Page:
The Turkish Interior Ministry’s General Directorate of Population and Citizenship Affairs has announced that a total of 24,545 Turks renounced their Turkish citizenship in 2016, while 14,194 foreign nationals acquired Turkish citizenship in the same period.
The directorate released the data in response to a question from Republican People’s Party (CHP) deputy Aylin Nazlıaka, who wanted to learn the number of Turkish citizens who had renounced their citizenship and foreigners who had acquired it.
The directorate only shared data from the year 2016, saying that 2017’s data on the number of people relinquishing and acquiring Turkish citizenship are not yet ready.
In 2016 Syrians were the biggest group that took on Turkish citizenship, with 3,429 people, while the Chinese were the smallest group with 62 people.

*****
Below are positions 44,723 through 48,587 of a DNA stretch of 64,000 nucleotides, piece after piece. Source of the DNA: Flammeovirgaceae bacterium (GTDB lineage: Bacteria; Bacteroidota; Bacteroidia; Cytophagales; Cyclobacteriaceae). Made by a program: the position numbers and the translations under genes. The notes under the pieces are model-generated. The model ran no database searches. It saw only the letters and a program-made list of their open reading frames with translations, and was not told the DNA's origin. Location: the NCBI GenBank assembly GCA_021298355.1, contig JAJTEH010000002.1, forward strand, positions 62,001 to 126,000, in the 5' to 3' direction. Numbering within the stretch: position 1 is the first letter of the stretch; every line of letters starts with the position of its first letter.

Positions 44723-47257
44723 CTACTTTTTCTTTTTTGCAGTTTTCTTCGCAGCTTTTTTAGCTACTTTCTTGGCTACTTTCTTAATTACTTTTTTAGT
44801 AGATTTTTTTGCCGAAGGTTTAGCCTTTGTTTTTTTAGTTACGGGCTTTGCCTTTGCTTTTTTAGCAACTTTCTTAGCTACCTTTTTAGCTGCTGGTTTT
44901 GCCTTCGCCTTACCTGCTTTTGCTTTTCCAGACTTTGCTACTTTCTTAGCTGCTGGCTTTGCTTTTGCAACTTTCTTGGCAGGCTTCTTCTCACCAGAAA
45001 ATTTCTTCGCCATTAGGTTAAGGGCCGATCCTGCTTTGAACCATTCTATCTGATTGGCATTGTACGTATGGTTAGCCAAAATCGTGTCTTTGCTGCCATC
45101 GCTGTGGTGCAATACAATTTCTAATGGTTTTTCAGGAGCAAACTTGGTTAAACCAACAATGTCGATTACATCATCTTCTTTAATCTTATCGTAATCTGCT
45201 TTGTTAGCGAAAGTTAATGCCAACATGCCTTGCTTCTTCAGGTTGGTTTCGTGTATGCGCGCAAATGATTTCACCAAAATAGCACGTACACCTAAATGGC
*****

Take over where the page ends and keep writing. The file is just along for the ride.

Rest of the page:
Among those who renounced Turkish citizenship and acquired the citizenship of another country, the largest number of people, 20,692, were granted German citizenship, while the smallest number, 33, obtained Swedish nationality.
Commenting on the figures, Nazlıaka said the number of people who renounced Turkish citizenship shows how far behind Turkey is with regards to its democracy and human rights, how the justice system has deteriorated and how the level of economic welfare has fallen in the country.
“The public knows that there has been a significant brain drain of young people from our country in past years. The country has been under emergency rule for 19 months…. The heavy pressure on society increases with every passing day. People are even unable to express their views on social media. In order to renew people’s hopes, restoration of democracy and the rule of law, respect for human rights and economic development are a must,” said Nazlıaka.
Emergency rule was declared in the aftermath of a failed coup attempt on July 15, 2016. The Turkish government is being widely criticized for using the anti-coup fight as a pretext to silence free speech and jail its critics.